Anxiety and Depression

So about a month ago I wrote a little about some psyche issues that plague many people. Today I want to delve a bit into anxiety and depression. This is a big problem these days. I dispense medication everyday for both of these ailments. For some people they do work however they aren’t without their consequences. I’ve had many people tell me that while trying to get off of them have had what they describe as “brain shocks” or “zaps”. Many others have nausea, sweats and insomnia.

Lets go through some of the effects of SSRI’s and SNRI’s (drugs like citalopram and velafaxine). First, as I mentioned in the last post these drugs are only effective in about 50% of people who use them and are more effective in the more depressed. The SSRI’s like citalopram or sertraline can cause nausea, insomnia, sexual dysfunction, drowsiness, sweating, anorexia, hypertension and suicidal ideation (albeit rare). SNRI’s like venlafaxine can cause all of the above and more likely to cause problems with hypertension and irregular heart rhythms. What’s worse is that both can in some cases cause a worsening of the depression or anxiety symptoms that are being treated! The following is anecdotal but most of the people I talk to that are depressed and on these meds are having problems with sleep. And guess what many of them are taking? Sleep aids of course. The most commonly prescribed sleep medication that I see is zolpidem. Lets take a look at zolpidem.

Zolpidem works with GABA receptors in the brain and turns them “on”. GABA receptors are the “chill out” part of your brain that tell your body to calm down and sleep. For those of you who know, I realize that is a gross over-simplification of GABA but bear with me. So when zolpidem turns on GABA receptors, the signals then sent to your brain and body are that it’s time to relax and go to sleep. It is able to get people into deep sleep. So what’s wrong with that you might ask? Well in the short term probably nothing, but lets take a look at side effects; depression exacerbation, suicidal ideation, amnesia (those are the serious ones), lethargy, diarrhea, palpitations, depression and constipation. So depression is actually a side effect. I will grant that it only happens in 1-2% of patients, but I don’t know of any long term studies showing any psychological issues with the use of zolpidem. I always question the use of a drug that affects neurotransmission in the brain.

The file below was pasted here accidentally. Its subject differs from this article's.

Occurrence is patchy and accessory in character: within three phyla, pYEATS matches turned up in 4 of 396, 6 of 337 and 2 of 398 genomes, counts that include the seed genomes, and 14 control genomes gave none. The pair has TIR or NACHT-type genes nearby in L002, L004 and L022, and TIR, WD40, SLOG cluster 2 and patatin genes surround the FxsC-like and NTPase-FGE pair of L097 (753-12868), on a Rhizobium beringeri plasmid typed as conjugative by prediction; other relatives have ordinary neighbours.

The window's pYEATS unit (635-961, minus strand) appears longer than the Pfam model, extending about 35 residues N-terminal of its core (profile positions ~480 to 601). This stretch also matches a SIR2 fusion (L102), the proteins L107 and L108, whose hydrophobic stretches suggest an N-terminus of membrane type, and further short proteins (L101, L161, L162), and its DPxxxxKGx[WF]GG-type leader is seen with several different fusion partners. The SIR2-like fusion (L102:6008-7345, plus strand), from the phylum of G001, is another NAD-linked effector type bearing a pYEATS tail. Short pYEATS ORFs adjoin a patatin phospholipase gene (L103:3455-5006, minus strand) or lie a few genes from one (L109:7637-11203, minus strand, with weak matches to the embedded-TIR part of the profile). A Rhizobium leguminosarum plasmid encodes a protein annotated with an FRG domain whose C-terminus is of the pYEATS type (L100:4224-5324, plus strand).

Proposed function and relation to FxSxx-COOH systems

You can see that there is the possiblity of falling into a vicious circle of taking meds to treat the very things they are causing. I know a lot of what I’m presenting is from my own personal experience, but it’s hard to ignore what I see over and over again, both in my professional life and in my personal life with friends and family who are affected by this.

I think it’s important to note, more especially with depression and anxiety, that there is no magic bullet for these conditions. Many things can go into causing either problem and either problem can lead to the other. I will spend some more time on the next post discussing some of the possible treatment options that are non-prescription and that you can do. They do involve some dietary advice as well as some supplement advice. I don’t believe however it is one change that will eliminate depression or anxiety from one’s life. I think that is the sad truth that drug companies don’t want you to know. The phrase “there’s a pill for that” I believe has done more harm than good, especially here in the United States.


The Brute

Disclaimer: All info on this website is for education purposes only. Any dietary or lifestyle changes that readers want to make should be done with the guidance of a competent medical practitioner. The author assumes no responsibility nor liability  for the use or dissemination of this information. Anyone who chooses to apply this information for their own personal use does so at their own risk.